MacDonald is in no doubt as to the value of this sort of scheme, which is one of a number of similar ones being run by giant companies: “We can stumble our way through small contracts, employ some people and do bits and pieces of work. It will take five years to achieve some sort of stability. This gives us credibility – and changes the whole perspective of the conversations we’re having.”
However, David Floyd, a social enterprise journalist and entrepreneur, isn’t convinced that a flood of corporates rushing to support social enterprises – or the raft of capital that’s about to arrive on the scene in the form of the Government’s £600m Big Society Bank – will find enough growth-hungry social businesses to back.
“There’s no likelihood we’ll see large numbers in the current movement scaling up,” he says. “And it’s a myth that all skills useful to conventional businesses are useful to a social enterprise. Someone who works for KPMG probably doesn’t understand a company turning over £70,000 a year in a community setting.”
He’s also sceptical of “investment readiness” schemes designed to make social enterprises more commercially palatable for investors; for most entrepreneurs he says that “this isn’t want I want to do” is a bigger barrier [to scale] than “I really need some investment-readiness training to tell me what to do”.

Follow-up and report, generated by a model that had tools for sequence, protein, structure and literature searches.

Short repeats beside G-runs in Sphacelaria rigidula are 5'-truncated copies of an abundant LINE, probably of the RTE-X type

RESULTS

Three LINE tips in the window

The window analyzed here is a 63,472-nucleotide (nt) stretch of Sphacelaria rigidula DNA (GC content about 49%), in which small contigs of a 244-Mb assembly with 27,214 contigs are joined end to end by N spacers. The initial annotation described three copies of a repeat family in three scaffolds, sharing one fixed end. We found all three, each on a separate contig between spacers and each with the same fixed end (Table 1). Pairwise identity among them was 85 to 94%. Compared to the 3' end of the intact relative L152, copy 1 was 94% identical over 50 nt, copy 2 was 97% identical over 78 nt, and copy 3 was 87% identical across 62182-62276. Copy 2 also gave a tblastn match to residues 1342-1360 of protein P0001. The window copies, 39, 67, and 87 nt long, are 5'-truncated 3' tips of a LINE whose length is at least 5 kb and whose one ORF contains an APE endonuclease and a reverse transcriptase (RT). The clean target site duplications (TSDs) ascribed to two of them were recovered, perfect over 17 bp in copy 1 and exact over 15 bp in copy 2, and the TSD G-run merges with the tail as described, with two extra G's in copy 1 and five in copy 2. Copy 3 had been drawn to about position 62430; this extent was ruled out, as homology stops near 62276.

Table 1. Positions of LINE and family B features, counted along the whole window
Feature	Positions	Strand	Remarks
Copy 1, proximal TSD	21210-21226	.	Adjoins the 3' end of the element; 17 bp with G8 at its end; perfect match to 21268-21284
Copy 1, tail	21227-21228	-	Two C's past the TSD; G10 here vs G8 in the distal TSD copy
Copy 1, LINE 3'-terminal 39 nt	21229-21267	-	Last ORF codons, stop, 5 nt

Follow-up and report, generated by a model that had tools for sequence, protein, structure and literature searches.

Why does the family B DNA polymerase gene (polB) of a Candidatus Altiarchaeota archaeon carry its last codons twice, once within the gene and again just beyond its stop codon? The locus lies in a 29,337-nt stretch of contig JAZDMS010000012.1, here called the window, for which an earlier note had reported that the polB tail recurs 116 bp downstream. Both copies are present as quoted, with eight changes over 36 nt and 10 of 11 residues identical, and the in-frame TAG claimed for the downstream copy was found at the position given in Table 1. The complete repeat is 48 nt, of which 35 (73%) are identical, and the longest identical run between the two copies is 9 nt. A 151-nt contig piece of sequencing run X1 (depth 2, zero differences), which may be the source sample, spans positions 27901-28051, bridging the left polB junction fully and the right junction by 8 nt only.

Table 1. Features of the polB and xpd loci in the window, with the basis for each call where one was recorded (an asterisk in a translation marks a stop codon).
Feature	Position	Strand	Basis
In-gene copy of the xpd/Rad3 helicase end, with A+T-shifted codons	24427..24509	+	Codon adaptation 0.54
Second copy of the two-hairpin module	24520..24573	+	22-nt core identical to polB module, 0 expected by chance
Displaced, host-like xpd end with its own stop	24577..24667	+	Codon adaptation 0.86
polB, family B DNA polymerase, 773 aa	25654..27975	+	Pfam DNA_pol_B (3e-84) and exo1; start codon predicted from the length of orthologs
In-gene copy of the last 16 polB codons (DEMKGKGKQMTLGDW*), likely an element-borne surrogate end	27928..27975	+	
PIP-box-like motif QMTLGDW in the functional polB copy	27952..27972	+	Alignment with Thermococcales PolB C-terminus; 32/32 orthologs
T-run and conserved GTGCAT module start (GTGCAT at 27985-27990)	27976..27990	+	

“People in social enterprises don’t lack intelligence or skills – if they were smart enough to start a profitable business they would find a way [to raise money] if they wanted it.”
Jonathan Jenkins, chief executive of the Social Investment Business, the UK’s largest investor in the sector, insists investment readiness is not about trying to foist money on to small projects.
“We’re not saying, ‘if you can’t scale, what’s the point’. Forcing them to scale would be dangerous. Do we need to signpost people to know where the money is? No, they can Google it. But if you haven’t come from a commercial sector, you need to communicate in a different way. It’s not all about the social mission, that’s taken as read, it’s how you articulate the financial returns and some hand-holding can help.”
Another organisation enjoying commercial support through a mentoring scheme is Training for Life, which runs a chain of proto-Fifteen style restaurants, including the Hoxton Apprentice, which teach catering and service skills to the long-term unemployed.
Iain McArthur, Training for Life’s managing director, is using a City of London initiative which provides free professional support from 56 City firms. “The way forward is partnerships with more commercial organisations. We can be more efficient and profitable if we work with people who have made successes of hospitality businesses,” he says.
McArthur adds that there is a lack of basic commercial skills in some social firms: “When you start a business, you research the market and do it properly – with social enterprises there’s a bit of confusion, it’s ‘it will be fine, the outside world doesn’t see us as a commercial organisation”.
He even suggests less government funding for certain social enterprises might prove bracing in the long run. “We need to look at our models. Social enterprises probably became very reliant on public funding and haven’t been run as commercially as they should have been – we’re becoming far more streamlined than we ever have been.”